Vitamin D

Hilary thinks I’ve been misleading about the size and poshness of our flat. It’s neither big nor posh. In these dispatches, I’ve referred to our “deck” a few times, but we don’t really have a deck. We’ve got a fire escape attached to a kitchen door and ten feet of metal runway before the steps begin. Hilary has done so much to make those ten feet a pleasant place for her to be that I’ve come to see it as a balcony lovely enough for any Rapunzel. She’s floored it with mats and ringed it with flowering plants and herbs, and set up a beach chair in the direct sunlight. I always encourage her to sit there. I do that because she’s cute as a button in the sunshine. I also do it because I know that it’s a good way for her to get Vitamin D.

When my sister was diagnosed with multiple sclerosis, doctors suggested that she begin taking supplemental D in high doses. I was encouraged to take it, too. Even our physician uncle, who is medicine-averse in the way that only certain doctors seem to be, recommended Vitamin D. Sloan-Kettering doesn’t like to assume too much about supplements, but the prevailing attitude we’ve found there about Vitamin D hasn’t been discouraging. Dr. John Campbell, the nurse and teacher whose measured but compassionate videos have been a lifeline for me through this crisis, strongly recommends taking Vitamin D as a preventative measure against the effects of the coronavirus.

It’s hard to get a sufficient amount of Vitamin D from food. Ninety per cent of Vitamin D comes directly from the sun. During the winter, we’re inside, and we’re shielded from rays by thick walls and heavy clothes. Consequently, we who live at northern latitudes are likely to be deficient. Human immune systems, beleaguered by stress and sugars and various pathogens, are strongly supported by Vitamin D. I’ve been taking two thousand international units of the vitamin every day, which is quite a bit, but it still isn’t as much as some enthusiasts are recommending. My hope is that it’ll reverse any deficiency I’ve acquired over the winter, and put me on firmer footing during my next encounter with a pathogen. Besides the social-distancing and hygiene techniques that we all know well by now, this is the only prophylactic measure I’m taking against the coronavirus. It also helps that it comes in gummy form. The strawberry ones are my favorite.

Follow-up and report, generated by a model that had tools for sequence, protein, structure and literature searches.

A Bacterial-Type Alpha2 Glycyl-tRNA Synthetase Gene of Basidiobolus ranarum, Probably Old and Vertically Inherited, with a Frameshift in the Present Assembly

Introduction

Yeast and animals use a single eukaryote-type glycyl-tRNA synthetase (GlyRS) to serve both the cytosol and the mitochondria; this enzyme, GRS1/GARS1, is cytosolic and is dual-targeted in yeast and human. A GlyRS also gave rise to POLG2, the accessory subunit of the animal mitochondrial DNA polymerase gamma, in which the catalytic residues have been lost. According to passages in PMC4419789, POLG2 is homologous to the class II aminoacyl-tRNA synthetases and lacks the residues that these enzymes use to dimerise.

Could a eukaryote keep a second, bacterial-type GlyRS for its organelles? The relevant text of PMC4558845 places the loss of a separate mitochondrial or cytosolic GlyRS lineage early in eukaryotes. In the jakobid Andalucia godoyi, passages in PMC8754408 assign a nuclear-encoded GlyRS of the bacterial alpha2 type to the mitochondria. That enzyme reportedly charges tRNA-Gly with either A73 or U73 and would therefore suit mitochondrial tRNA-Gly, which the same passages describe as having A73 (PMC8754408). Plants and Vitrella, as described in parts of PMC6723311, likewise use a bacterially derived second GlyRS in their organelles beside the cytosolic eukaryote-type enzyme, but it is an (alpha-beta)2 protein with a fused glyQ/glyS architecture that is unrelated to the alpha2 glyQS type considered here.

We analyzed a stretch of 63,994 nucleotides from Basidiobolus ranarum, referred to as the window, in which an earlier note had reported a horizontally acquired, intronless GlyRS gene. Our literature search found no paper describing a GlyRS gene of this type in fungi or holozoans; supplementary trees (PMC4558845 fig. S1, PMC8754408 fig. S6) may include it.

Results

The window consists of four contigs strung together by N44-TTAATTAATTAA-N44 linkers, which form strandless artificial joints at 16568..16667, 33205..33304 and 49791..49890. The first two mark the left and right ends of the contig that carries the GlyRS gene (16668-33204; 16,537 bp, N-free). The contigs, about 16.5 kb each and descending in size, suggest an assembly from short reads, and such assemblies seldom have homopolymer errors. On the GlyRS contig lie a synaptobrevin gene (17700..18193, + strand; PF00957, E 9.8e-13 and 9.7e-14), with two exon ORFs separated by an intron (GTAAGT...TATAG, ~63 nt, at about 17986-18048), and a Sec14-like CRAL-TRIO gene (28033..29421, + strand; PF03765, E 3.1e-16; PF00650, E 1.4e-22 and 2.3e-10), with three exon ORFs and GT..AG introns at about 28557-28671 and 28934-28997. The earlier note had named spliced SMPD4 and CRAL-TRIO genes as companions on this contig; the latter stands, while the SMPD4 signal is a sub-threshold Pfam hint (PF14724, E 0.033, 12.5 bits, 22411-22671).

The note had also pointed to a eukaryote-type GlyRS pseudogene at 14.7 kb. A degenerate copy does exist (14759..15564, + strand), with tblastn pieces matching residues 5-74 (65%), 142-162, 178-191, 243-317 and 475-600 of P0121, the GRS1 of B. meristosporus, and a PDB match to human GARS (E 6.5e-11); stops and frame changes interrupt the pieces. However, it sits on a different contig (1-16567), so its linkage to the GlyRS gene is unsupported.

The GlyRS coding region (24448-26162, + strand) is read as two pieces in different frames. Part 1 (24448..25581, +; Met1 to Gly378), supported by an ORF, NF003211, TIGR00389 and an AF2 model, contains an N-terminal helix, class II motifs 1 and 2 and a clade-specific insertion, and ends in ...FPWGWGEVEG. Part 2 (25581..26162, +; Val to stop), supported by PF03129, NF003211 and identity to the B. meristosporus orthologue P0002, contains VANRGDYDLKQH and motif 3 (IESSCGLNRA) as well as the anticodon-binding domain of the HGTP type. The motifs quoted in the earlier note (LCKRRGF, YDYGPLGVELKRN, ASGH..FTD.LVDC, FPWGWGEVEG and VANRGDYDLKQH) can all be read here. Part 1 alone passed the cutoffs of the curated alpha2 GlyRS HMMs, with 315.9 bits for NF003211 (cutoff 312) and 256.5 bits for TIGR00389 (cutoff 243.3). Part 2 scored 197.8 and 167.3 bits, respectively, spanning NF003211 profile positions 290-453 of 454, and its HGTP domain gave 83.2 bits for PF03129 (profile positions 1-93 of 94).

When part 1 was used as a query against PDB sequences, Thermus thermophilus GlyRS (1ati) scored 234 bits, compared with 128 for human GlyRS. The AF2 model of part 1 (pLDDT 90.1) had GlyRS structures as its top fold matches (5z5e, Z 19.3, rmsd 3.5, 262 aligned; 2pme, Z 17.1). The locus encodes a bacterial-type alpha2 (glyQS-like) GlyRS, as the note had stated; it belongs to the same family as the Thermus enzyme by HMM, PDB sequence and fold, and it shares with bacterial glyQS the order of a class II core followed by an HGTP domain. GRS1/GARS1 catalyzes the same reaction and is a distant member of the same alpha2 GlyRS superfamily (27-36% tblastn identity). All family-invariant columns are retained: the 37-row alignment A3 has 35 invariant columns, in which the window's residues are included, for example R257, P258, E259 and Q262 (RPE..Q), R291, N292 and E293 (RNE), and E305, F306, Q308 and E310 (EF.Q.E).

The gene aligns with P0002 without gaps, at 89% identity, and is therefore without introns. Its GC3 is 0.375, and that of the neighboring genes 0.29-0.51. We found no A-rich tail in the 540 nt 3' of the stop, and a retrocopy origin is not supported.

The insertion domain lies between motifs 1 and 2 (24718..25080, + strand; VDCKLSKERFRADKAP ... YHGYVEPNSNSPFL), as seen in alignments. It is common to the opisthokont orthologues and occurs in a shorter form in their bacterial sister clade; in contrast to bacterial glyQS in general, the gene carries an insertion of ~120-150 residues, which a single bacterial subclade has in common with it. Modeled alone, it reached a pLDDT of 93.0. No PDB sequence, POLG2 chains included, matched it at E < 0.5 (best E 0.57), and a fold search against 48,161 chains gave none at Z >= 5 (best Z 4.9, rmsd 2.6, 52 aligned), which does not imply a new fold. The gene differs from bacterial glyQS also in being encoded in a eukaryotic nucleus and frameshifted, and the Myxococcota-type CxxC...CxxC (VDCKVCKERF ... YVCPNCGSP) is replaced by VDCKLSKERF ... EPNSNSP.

Do I believe that, by this act alone, I will ward off the virus? Ha, no. I often wonder whether it has any benefit at all. I’m the guy who won’t take an aspirin when I have a headache; I don’t drink or smoke, and I distrust all drugs. But I’ve got to acknowledge that some of the early reports have been encouraging. Campbell points to a recent large-sample study done in Indonesia that found that coronavirus patients with Vitamin D deficiency were ten times more likely to die than those whose vitamin levels were within a healthy range. That paper hasn’t been peer reviewed. But if it’s even partially true, that’s a remarkable discovery, and one that we might even call a breakthrough. It means that hundreds of thousands of lives could be saved by a reasonably priced supplement. Hydroxychlorine is generic and unreliable at best, remdesivir is expensive to manufacture; Vitamin D, by contrast, is there on the shelves of the Duane Reade. Authorities ought to be encouraging us to take it.

Yesterday morning, Politico reported that fifty-eight per cent of those who’ve died from the coronavirus deaths in the United States are African-American. This might be the saddest statistic in the whole two-month landslide of regrettable numbers. This is more than just a powerful indictment of social inequality. It’s a grim reinforcement of the foundational cruelty that is America’s original sin. We know that African-Americans are, on the whole, more likely to be working jobs that require them to come into contact with pathogens, and less likely to be able to afford quality healthcare. We know about risk factors and underlying conditions common among African-Americans. We also know that it’s harder for people with dark skin to manufacture a sufficient amount of Vitamin D than it is for those of us with lighter skin. The Cooper Institute, for instance, reports that seventy-six per cent of African-Americans fall short of the recommended amount of the vitamin. A sane and competent government would be rushing supplements to African-American neighborhoods. If the Indonesian study is right, an act like that could save many lives. Even if it’s wrong, we’d still be providing people with a vitamin, which is a healthy thing to do — morally as well as physically.